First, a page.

Wholesale Memories [TOTAL RECALL]

From the Chicago Reader (June 8, 1990). — J.R.


*** (A must-see)

Directed by Paul Verhoeven

Written by Ronald Shusett, Dan O’Bannon, Jon Povill, and Gary Goldman

With Arnold Schwarzenegger, Rachel Ticotin, Sharon Stone, Ronny Cox, Michael Ironside, Mel Johnson Jr., and Marshall Bell.

The most influential SF movies of the past two decades are still very much with us, not only as landmarks but as continuing influences on newer release. 2001: A Space Odyssey (1968) gave us a whole slew of standbys, from the use of familiar brand names in outer space to a sense of visual design that, as critic Annette Michelson once put it, dissolved the very notion of the “special effect” as it was previously understood. In 1977 Star Wars popularized the notion of SF adventure as continuous action; and Close Encounters of the Third Kind the same year brought a certain pop religiosity (or perhaps one should say pseudoreligiosity) back to the genre, a combination of De Mille and Disney that sanctified Spielberg lighting as a means of bestowing halos on deserving characters, creatures, or locations.

Alien (1979) revitalized the claustrophobic horror-film dynamics of The Thing (1951), internalizing the monstrous and echoing David Cronenberg’s feature of 1975, They Came From Within. Blade Runner (1982), probably the most visually handsome SF effort since 2001, had the merit of making the sordid, dystopian future — unlike the present in most Hollywood pictures — seem lived in, and gave us attractive androids, objects that helped reformulate the ideology of sexuality. The Terminator (1984) built upon both of these ideas; it established Arnold Schwarzenegger as an iconographic axiom in the heavy-metal android division, and it posited that a plausible happy ending could only be set in a postnuclear future. Finally, Robocop (1987), seeming equally indebted to Blade Runner and The Terminator, streamlined both into a vehicle for violent action spiced with cynical satire about the moral ugliness of the Reagan era.

The aptly named Total Recall somehow manages to incorporate certain aspects of all of the above-mentioned models without ever coming across as strictly derivative or imitative — a rather neat accomplishment in its own right. Strictly speaking, its ancestry stretches back even further to This Island Earth (1954) and Forbidden Planet (1956), probably the two best studio SF efforts of the 50s in terms of alien landscapes, fanciful technology, and extraterrestrial architecture. (The scenic imaginations of Total Recall‘s production designer William Sandell and “conceptual artist” Ron Cobb are much better than the norm although earlier and tackier 50s models such as George Pal’s When Worlds Collide also seem to be models in some spots.) And while the movie’s steady diet of violence tends to limit some of its narrative options and blunt its visceral edge, it succeeds pretty well in delivering a complicated plot with functional, no-nonsense story telling. (This is all the more impressive for a screenplay that, according to Kenneth Juran in the June Gentlemen’s Quarterly, went through 62 drafts and was 16 years in development.)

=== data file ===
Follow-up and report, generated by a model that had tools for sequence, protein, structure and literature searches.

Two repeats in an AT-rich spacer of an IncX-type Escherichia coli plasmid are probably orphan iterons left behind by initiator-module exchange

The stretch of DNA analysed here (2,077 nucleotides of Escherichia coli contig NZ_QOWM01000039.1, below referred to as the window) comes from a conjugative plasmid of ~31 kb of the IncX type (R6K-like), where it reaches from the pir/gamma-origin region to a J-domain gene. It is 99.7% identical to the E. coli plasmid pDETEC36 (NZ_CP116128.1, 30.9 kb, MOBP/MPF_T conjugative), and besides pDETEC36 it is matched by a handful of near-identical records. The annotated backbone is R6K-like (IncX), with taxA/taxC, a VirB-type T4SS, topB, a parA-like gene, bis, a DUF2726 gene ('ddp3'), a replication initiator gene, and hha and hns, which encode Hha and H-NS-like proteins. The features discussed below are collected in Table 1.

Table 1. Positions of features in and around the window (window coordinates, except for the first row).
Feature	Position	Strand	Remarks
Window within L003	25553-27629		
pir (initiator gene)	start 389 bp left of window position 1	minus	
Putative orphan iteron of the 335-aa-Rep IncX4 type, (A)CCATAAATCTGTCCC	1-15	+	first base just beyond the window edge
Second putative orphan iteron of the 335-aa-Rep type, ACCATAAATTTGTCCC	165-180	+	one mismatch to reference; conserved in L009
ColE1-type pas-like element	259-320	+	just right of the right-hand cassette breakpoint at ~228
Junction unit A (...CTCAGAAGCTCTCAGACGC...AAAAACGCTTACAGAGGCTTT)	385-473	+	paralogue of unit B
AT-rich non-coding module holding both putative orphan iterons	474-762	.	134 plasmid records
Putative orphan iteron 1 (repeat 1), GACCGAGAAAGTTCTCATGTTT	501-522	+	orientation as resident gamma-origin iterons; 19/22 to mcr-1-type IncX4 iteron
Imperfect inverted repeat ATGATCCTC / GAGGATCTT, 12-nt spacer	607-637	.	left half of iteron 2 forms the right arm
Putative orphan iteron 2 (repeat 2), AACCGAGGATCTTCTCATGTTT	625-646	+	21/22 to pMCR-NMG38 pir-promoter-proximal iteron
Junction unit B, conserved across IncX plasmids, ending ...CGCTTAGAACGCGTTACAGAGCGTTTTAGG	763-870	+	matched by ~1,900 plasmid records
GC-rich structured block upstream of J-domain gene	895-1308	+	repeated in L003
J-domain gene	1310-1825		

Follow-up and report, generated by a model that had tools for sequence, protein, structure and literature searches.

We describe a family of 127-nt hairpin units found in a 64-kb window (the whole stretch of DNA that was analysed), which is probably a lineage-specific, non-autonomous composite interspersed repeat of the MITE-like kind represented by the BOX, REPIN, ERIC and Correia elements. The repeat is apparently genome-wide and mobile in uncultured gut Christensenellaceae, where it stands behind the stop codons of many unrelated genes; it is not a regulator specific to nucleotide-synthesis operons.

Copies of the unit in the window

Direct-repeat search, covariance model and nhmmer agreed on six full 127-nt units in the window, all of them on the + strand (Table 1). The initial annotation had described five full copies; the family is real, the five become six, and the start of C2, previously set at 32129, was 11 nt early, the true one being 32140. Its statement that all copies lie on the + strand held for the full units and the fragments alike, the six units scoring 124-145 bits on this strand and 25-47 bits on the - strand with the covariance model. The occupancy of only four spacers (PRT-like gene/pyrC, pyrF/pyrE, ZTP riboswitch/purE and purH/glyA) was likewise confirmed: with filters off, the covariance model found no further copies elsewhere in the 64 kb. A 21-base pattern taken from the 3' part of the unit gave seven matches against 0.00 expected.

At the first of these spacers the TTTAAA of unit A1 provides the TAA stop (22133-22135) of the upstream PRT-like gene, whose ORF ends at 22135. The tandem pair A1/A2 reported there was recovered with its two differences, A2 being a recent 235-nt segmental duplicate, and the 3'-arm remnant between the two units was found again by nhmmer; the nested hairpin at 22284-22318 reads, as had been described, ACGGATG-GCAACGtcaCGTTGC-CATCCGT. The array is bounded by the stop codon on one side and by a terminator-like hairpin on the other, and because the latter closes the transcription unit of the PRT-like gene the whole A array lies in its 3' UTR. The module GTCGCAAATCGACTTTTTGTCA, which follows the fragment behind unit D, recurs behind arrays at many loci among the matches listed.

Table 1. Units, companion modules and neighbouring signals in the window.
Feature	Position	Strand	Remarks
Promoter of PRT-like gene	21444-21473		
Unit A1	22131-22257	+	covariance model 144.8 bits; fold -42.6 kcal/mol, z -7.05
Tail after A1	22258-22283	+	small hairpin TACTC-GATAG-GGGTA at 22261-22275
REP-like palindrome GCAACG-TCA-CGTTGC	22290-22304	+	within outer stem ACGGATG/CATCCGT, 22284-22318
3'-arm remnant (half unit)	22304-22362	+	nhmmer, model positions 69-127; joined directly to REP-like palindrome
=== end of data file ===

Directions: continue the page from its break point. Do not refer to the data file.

Consider just a few of the initial plot premises (they involve some early surprises, so proceed at your own risk):

Doug Quaid (Schwarzenegger), a construction worker with a devoted wife (Sharon Stone) on Earth in the year 2084, suffers from recurring nightmares set on Mars, where he appears in the company of a mysterious woman (Rachel Ticotin).

Mars, now colonized by Earth, is ruled by a capitalist dictator named Cohaagen (Ronny Cox), who controls the planet’s oxygen supply; the principal oppressed minority is made up of mutants, freaks born of parents exposed to deadly rays through “cheap domes.” Cohaagen’s forces and the Mars Liberation Front, which represents the mutants’ interests, are currently at war.

While riding the subway to work, Quaid sees an advertisement on TV for Rekall Inc., which sells not holidays but memories of holidays. The theory is that actual vacations are such a nuisance, ideal memories of same — decked out with imaginary identities — are infinitely preferable. Tormented by his dreams of Mars, Quaid signs up for a fantasy trip to Mars “as a secret agent.” But something goes wrong — Quaid freaks out and is sedated so that he can no longer even remember having gone to Rekall.

He then discovers that he’s under surveillance and that people, afraid that Rekall has triggered dangerous real memories, are trying to kill him. His wife proves to be a spy, and Quaid finds out that his entire identity and all his memories have been implanted.